Why Was Britain Defeated in Malaya?

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Avalancheon
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Re: Why Was Britain Defeated in Malaya?

Post by Avalancheon » 01 Mar 2020 20:36

The British would have lasted longer if they had invaded Thailand in order to gain strategic depth. They actually did plan for this via operation Matador, but there were foreign policy implications. The British were worried that they would look like the instigators in the war, and alienate the United States.

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Re: Why Was Britain Defeated in Malaya?

Post by daveshoup2MD » 02 Mar 2020 03:37

Avalancheon wrote:
01 Mar 2020 20:36
The British would have lasted longer if they had invaded Thailand in order to gain strategic depth. They actually did plan for this via operation Matador, but there were foreign policy implications. The British were worried that they would look like the instigators in the war, and alienate the United States.
Except the Japanese didn't need to invade Malaya overland from Thailand; even if the British had deployed forces in strength into Thai territory, Japan's naval and air strength in the theater was such they could have landed larger forces in Malaya proper and still forced the British to retreat.

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Zaf1
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Re: Why Was Britain Defeated in Malaya?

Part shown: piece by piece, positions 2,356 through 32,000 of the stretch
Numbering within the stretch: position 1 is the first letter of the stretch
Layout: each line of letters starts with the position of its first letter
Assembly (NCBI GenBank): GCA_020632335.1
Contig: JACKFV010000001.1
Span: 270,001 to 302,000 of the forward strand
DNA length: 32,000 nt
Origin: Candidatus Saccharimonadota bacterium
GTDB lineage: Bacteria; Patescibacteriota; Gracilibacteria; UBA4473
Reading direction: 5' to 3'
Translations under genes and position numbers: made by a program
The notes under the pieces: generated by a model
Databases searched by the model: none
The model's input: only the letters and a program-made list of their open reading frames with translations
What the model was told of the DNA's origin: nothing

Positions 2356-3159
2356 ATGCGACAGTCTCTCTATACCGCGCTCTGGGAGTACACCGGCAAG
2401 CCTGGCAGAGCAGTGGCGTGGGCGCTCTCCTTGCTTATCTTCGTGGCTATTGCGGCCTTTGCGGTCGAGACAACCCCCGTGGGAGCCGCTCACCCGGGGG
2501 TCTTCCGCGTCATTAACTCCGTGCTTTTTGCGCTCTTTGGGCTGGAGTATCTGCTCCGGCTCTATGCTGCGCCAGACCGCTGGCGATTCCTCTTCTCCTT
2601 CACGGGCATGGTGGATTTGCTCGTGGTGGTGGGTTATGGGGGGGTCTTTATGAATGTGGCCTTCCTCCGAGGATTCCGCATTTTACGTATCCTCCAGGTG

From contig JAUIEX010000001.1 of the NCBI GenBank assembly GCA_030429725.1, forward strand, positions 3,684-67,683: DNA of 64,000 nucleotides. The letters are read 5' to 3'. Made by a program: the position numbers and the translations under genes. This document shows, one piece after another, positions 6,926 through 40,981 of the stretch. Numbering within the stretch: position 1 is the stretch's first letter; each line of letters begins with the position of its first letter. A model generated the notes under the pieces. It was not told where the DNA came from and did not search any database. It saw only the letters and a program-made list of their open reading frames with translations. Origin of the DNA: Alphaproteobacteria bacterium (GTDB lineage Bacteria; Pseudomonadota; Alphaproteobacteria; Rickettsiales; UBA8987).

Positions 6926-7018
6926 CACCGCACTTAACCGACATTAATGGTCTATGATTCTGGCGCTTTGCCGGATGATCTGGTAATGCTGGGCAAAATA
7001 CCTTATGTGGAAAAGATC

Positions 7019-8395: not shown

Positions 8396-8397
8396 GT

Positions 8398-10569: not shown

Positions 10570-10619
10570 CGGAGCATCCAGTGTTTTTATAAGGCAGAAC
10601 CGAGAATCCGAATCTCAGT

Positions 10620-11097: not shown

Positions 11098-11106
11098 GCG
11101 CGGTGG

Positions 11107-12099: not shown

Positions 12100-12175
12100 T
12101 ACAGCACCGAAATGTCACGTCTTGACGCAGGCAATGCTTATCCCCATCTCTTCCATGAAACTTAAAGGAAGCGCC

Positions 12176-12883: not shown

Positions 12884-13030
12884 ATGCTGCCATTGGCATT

Post by Zaf1 » 05 Apr 2020 13:35

Not necessarily so since on the East Coast of Malaya the British had considerable force on the beaches with barbed wires, land mines, pillbox bunkers. The British Air force could attack the Japanese convoy easier on the Malayan mainland compared to southern Thailand. By the way the Royal Navy warships would had it easier time to attack the Japanese invasion convoy

LineDoggie
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Re: Why Was Britain Defeated in Malaya?

Post by LineDoggie » 07 Apr 2020 22:27

Zaf1 wrote:
05 Apr 2020 13:35
Not necessarily so since on the East Coast of Malaya the British had considerable force on the beaches with barbed wires, land mines, pillbox bunkers. The British Air force could attack the Japanese convoy easier on the Malayan mainland compared to southern Thailand. By the way the Royal Navy warships would had it easier time to attack the Japanese invasion convoy
Same RN ships sunk by the IJNAF? hard to do when your enemy has air superiority